One of the most important skills a shooter can possess is the timing and precision to go back-door when overplayed. Bridges has showcased that ability all season, in the 84th percentile during the regular season with 1.494 points per possession on cuts, according to Synergy, and he gave us a great example in the third quarter of Game 2. It’s one thing to make the right cut, but it’s quite another to be able to finish at the rim with a double-pump dunk over a 7-footer:

Speaking of athleticism, look at the deceleration and footwork on this play, blowing past Giannis Antetokounmpo and then breaking out an up-and-under to finish around Khris Middleton:

These are exactly the types of plays that make the “3-and-D” designation feel inadequate for the 24-year-old Bridges, who has the tools and work ethic to become much more of an offensive force as his career progresses.

“You get to the gym, Mikal’s there and he’s putting in extra work. He’s there after,” Booker said. “People will still try to label him as a 3-and-D guy, and I’ve told you guys multiple times that’s not even close to his game. If teams want to try to make him be the one to beat them, he’ll do it.”

Bridges’ burgeoning offensive repertoire comes in addition to his smothering defense, which made him the highest vote-getter of any player not to make one of the 2021 NBA All-Defensive teams — an honor that he’ll surely receive sooner rather than later. He’s spent the duration of his first playoff run guarding the best opposing perimeter player, whether it’s LeBron James, Michael Porter Jr., Paul George or, most recently, Middleton, who went 5 for 16 from the field and 1 for 6 from 3-point range in Game 2.

“He takes a lot of pressure off of everybody. And the most impressive part is he’s always guarding the most dynamic scorer on the other team,” Booker said of Bridges. “Middleton is not an easy matchup, and that’s his matchup every night and he has to do a lot on the other end. So, for him to still have his legs, still have his focus to make the plays that he did, it takes a lot of pressure off everybody: me, Chris, Deandre. It makes it a lot easier for everybody.”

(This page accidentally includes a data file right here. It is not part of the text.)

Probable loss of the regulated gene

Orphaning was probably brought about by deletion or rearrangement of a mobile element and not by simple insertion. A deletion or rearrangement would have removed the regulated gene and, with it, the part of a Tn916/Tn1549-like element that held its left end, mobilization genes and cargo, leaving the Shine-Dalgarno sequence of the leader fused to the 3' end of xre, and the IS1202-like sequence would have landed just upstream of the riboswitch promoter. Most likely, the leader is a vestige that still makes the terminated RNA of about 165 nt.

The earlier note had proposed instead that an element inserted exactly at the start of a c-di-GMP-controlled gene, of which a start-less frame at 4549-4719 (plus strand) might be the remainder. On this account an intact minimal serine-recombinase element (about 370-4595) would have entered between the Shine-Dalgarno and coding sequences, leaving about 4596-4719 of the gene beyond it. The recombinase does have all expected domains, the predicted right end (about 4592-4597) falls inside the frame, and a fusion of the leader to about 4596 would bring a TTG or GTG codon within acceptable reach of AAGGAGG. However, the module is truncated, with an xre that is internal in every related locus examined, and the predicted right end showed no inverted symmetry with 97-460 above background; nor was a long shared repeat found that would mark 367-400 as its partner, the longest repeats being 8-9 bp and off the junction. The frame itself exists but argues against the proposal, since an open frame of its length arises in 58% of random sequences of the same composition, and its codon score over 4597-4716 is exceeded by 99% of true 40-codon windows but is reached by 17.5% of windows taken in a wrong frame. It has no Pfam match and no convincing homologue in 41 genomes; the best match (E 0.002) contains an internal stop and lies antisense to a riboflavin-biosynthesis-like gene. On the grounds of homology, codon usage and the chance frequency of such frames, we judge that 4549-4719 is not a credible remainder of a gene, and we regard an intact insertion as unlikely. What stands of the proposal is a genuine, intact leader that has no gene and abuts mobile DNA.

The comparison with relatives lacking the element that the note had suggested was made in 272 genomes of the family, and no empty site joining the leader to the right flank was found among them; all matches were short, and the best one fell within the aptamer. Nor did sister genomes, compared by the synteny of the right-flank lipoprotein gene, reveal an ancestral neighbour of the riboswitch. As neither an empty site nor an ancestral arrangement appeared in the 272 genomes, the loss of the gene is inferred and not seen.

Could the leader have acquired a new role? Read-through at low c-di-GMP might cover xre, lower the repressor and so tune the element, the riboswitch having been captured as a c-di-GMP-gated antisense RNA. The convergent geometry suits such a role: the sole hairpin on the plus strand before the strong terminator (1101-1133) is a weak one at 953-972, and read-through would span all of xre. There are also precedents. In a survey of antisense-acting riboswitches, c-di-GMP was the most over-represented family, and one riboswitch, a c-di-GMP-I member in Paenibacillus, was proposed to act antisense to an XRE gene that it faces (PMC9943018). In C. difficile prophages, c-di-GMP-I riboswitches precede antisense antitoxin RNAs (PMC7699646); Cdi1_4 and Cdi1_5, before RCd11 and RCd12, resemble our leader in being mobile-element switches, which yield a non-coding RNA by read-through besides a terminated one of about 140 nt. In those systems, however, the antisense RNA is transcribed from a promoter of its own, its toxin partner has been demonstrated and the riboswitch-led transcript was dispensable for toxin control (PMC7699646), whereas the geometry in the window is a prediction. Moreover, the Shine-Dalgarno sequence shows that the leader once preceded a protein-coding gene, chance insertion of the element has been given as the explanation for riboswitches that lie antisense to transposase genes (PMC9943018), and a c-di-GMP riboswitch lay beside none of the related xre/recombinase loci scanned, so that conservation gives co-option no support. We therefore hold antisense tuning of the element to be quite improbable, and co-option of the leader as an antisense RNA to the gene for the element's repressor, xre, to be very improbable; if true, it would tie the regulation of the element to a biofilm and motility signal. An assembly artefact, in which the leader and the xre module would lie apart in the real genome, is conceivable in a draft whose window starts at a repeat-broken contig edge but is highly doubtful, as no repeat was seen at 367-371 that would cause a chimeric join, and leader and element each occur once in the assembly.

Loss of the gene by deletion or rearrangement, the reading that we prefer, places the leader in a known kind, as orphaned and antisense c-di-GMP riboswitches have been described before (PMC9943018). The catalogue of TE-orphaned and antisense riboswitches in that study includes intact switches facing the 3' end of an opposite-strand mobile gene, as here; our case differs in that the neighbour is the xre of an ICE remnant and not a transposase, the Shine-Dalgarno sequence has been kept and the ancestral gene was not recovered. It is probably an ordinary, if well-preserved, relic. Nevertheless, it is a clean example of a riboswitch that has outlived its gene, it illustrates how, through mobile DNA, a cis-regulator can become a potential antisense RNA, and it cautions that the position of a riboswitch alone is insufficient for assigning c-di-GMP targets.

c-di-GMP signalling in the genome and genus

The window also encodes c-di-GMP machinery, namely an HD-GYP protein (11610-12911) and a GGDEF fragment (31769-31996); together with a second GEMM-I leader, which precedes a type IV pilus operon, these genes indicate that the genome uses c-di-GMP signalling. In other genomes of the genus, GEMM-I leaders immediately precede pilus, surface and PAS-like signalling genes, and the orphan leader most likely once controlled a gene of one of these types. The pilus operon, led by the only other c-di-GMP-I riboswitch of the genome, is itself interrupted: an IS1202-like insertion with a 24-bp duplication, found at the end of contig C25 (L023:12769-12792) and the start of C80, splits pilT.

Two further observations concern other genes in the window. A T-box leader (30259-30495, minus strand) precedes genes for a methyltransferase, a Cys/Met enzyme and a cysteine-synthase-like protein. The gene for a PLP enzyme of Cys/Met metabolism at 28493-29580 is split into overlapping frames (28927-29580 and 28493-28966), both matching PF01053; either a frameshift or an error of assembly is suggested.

Bridges also routinely makes the winning plays that endear yourself to coaches and teammates. Just one example is this sequence from the fourth quarter of Game 2, when the Bucks had just gone on a 7-0 run to cut the Suns’ lead from 13 to six with just over five minutes to play. Paul missed a pull-up jumper, and a defensive rebound would have given Milwaukee a chance to make it a single-possession game. Instead, Bridges raced from the corner to the top of the key and, between four Bucks, poked the ball to Suns forward Jae Crowder. The possession, after another offensive rebound by Ayton, ultimately led to a dagger 3-pointer from Paul to put the game out of reach:

Put together Bridges’ entire package and you have a winning player who puts in the work, defends at an All-NBA level, has 54/43/84 shooting splits and the foundation of a devastating offensive arsenal. While the spotlight is justifiably drenching Booker and Ayton during these playoffs, Bridges could be just as vital of a piece to the Suns’ sustained success over the next several years. Ayton could command a max extension this offseason, and Bridges, the 10th overall pick in 2018 who also becomes extension-eligible after the season, could get somewhere in the $20 million per year range.

From what he’s shown so far in his career, Bridges will be worth every penny.

“[Bridges] is just a winner. He’s a winner,” Paul said. “When we won the Western Conference finals I looked at him and had a flashback of him being at Villanova. I remember him winning a championship there. He’s just a winner. He’s going to do whatever you need him to do, offensively or defensively, and it’s good to see him playing like this.”